Park City School District, The Speedy Foundation, and many other community partners, CONNECT is proud to present Resilience Week in Park City. The week will include the screening of three powerful, award winning films to create crucial dialogue within our community. All of the events are free and the entire family is welcome.n collaboration with the
The week begins on Monday, March 6th with a screening of Hope Lives: Preventing Teen Suicide beginning at 5:30PM at the Park City High School Lecture Hall. Utah’s suicide rate has always been higher than that of the rest of the nation. Among teens ages 10 to 17, the suicide rate has tripled in less than a decade. On average two Utah teens attempt to end their lives every day. Hope Lives provides hope through the stories of survivors and of innovative approaches schools are taking to prevent suicide. The film highlights three stories — a promising young athlete who took his own life when he wasn’t admitted to the colleges he wanted; a young man now in his late 20s who talks candidly about his suicide attempt as a teen and the relief he felt when he survived; and a young transgender teen who survived her suicide attempt, which reaffirmed her desire to live. The film will be accompanied by student panels, information tables, and refreshments.
On Tuesday March 7th, we will screen Paper Tigers beginning at 6:00pm in the Jim Santy Auditorium at the Park City Library. More than two decades ago, two respected researchers published the game-changing Adverse Childhood Experiences Study. It revealed a troubling but irrefutable phenomenon: the more traumatic experiences the respondents had as children (such as physical and emotional abuse and neglect), the more likely they were to develop health problems later in life. However, this very same study contains the seed of hope: all of the above-mentioned risk factors—behavioral as well as physiological—can be offset by the presence of one dependable and caring adult. It doesn’t need to be the mother or the father. It doesn’t even need to be a close or distant relative. More often than not, that stable, caring adult is a teacher. Set within and around the campus of Lincoln Alternative High School in the rural community of Walla Walla, Washington, Paper Tigers asks the following questions: What does it mean to be a trauma-informed school? And how do you educate teens whose childhood experiences have left them with a brain and body ill-suited to learn? Following the film, we will hear from Authentic Strengths author Fatima Doman who will reveal how resilience, positive psychology, and the 24 character strengths are often viewed as the antidote to adverse childhood experiences.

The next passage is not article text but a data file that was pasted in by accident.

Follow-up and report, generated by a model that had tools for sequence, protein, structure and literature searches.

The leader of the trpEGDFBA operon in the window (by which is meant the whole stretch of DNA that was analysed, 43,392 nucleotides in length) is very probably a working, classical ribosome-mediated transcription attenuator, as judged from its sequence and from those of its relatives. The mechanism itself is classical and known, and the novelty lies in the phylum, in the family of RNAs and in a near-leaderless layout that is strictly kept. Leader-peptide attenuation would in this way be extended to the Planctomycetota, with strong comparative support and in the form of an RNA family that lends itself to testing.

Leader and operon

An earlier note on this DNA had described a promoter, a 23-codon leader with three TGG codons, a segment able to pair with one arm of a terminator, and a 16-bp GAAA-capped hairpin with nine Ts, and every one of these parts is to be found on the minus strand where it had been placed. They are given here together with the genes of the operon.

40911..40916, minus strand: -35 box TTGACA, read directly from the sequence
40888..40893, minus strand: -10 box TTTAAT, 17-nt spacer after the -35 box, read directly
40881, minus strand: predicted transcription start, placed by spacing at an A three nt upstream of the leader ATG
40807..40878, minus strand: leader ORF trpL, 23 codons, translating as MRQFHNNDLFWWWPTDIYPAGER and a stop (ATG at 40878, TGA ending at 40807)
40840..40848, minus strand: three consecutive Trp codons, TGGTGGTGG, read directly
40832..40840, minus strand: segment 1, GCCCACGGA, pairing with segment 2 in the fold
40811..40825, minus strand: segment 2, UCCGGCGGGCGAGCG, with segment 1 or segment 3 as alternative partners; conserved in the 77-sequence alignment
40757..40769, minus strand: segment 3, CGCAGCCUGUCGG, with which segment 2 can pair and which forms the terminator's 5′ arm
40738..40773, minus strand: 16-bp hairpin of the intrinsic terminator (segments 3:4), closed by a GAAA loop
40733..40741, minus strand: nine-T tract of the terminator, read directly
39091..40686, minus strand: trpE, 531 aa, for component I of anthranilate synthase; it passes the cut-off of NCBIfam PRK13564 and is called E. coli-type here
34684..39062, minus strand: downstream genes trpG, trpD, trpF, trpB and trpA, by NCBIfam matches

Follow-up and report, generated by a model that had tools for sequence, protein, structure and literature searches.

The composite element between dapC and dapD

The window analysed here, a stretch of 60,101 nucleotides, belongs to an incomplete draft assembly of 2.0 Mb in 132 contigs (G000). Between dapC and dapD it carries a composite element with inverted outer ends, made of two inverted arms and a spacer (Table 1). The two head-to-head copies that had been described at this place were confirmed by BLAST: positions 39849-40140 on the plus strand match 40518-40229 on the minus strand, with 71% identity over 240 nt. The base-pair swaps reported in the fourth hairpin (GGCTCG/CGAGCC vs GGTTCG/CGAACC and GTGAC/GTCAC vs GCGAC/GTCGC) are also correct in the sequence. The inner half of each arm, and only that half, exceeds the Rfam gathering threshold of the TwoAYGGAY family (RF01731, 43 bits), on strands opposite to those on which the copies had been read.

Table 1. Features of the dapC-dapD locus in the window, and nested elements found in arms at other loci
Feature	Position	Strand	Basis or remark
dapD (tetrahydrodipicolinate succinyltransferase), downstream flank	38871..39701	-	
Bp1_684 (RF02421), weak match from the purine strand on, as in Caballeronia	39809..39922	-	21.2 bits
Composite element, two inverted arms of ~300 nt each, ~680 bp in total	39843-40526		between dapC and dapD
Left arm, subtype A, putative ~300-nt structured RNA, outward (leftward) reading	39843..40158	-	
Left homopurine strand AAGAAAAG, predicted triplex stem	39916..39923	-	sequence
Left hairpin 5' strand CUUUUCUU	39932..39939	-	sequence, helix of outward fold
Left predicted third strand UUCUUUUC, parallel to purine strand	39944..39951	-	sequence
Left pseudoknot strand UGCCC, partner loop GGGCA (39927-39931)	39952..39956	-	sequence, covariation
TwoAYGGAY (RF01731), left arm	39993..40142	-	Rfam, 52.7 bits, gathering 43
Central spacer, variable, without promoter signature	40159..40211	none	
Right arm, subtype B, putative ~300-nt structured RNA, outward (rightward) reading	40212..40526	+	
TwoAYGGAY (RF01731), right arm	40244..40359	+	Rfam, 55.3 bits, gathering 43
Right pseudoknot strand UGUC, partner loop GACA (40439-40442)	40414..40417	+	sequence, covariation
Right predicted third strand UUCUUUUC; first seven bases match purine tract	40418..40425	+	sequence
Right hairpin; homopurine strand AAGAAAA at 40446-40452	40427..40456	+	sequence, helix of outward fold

Finally, on Wednesday, March 8th, we will screen the new documentary, Resilience: The Biology of Stress & The Science of Hope beginning at 5:30pm in the Park City High School Lecture Hall. Resilience reveals that toxic stress can trigger hormones that wreak havoc on the brains and bodies of children, putting them at a greater risk for disease, homelessness, prison time, and early death. While the broader impacts of poverty worsen the risk, no segment of society is immune. Resilience, however, also chronicles the dawn of a movement that is determined to fight back. Trailblazers in pediatrics, education, and social welfare are using cutting-edge science and field-tested therapies to protect children from the insidious effects of toxic stress—and the dark legacy of a childhood that no child would choose. The film will be followed by discussion from a panel of counselors, clinicians, and teachers who will explore what it means to be resilient and offer hope and protection for our children.
For more information about these events, please contact Shauna Wiest at email@example.com; Shannon Decker at firstname.lastname@example.org; or Molly Miller at email@example.com.
We look forward to seeing you!